Harnessing the power of literature

Author Alexis Wright is leveraging her position as Boisbouvier Founding Chair in Australian Literature to encourage a wider examination of the role of storytelling in community efforts to tackle social issues.

Professor Alexis Wright is well known for asking challenging questions that provoke people into thinking more deeply. In a recent article, she posed an imaginary scenario: what would it mean if we lived in a world without stories?

A Science Gallery Mediator with a young visitor

Professor Alexis Wright

It’s an interesting question, especially as she is a highly successful author who has won both the Miles Franklin Award (Carpentaria, 2006) and the Stella Prize (Tracker, 2017).

Were there no stories being written, Professor Wright suggested, the human imagination would prevail – she hoped we would be brave and cultivate a practice of “whispering stories in our mind”, just as Aboriginal people did on the missions and reserves where they were once institutionalised under state laws. There, they kept their spiritual law stories strong by holding secret gatherings in the middle of the night.

Professor Wright, a Waanyi woman, is the University of Melbourne’s Boisbouvier Founding Chair in Australian Literature, a unique position founded in 2015 thanks to a generous $5M gift from John Wylie AM and Myriam Boisbouvier-Wylie. The role is groundbreaking in the way it is dedicated to inspiring emerging writers, school students and the public to explore the crucial role of literature in tackling social issues.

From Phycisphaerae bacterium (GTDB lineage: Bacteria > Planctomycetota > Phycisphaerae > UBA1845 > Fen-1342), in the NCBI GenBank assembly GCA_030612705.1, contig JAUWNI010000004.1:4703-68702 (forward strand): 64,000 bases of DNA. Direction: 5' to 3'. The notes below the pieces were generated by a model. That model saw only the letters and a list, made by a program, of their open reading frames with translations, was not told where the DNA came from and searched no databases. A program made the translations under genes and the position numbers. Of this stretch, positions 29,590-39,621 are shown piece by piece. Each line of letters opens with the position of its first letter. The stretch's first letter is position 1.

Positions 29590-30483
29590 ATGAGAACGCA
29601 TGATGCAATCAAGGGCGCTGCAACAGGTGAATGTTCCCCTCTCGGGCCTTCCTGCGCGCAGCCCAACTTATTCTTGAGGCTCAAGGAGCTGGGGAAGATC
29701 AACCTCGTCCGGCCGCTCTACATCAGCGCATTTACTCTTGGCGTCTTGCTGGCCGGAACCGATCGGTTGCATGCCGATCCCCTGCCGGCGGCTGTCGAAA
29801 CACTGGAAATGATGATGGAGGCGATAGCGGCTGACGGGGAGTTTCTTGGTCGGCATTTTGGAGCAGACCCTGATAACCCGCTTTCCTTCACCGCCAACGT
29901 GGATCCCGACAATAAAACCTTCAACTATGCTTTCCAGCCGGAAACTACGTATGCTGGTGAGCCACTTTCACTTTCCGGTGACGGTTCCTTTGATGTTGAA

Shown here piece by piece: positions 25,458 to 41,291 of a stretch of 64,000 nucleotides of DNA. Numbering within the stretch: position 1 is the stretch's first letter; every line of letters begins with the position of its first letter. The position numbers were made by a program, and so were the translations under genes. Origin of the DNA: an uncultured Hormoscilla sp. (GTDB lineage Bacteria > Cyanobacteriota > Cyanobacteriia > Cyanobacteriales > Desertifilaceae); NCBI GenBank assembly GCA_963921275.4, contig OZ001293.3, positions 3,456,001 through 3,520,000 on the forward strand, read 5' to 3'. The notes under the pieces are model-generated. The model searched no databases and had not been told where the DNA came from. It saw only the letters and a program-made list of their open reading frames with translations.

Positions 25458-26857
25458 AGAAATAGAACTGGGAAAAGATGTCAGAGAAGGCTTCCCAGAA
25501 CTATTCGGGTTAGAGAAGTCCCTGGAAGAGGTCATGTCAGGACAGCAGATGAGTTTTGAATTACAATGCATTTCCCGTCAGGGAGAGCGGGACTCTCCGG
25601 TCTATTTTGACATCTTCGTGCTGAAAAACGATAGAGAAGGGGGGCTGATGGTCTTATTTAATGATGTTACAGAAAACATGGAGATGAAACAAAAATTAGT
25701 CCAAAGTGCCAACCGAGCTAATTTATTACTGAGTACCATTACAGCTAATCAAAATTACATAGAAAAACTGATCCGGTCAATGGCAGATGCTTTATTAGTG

In imagining the unimaginable – a world without stories – Professor Wright was boldly addressing some of the major problems confronting contemporary writers and thinkers today: the censorship of truth, and how boundaries of indifference, ignorance and vested political interests are being imposed upon us. She describes it as a “huge subject of silencing, the muting of voices, and bullying tactics used to oppress, humiliate, manipulate, create fear and exclude.”

As Boisbouvier Chair, she has been fighting these things creatively, inspiring other writers in the face of great societal challenges.

"Writers are storytellers: their words echo universal felt experiences, adding meaning and purpose at times that feel bereft of both,” said Professor Wright.

As Australians navigate the fragility of this time and work to rebuild a more solid future, local writers will play an important role in telling those stories.

When the Chair was established, as a partnership between the University and State Library Victoria, it was envisaged as involving a mix of teaching and public lectures. Mr Wylie, who at the time was President of the Library Board of Victoria, and Mrs Boisbouvier-Wylie saw it as an innovative way to provide an opportunity for practising Australian authors to advance appreciation of Australian literature, with mentorships and specialised courses for those with a focus on Australian writing, while enhancing Melbourne’s place as a UNESCO City of Literature.

“We hope the Boisbouvier Founding Chair in Australian Literature will make a real difference to how the community understands and appreciates national literature,” Wylie said at the time, when writer Richard Flanagan was appointed inaugural Chair.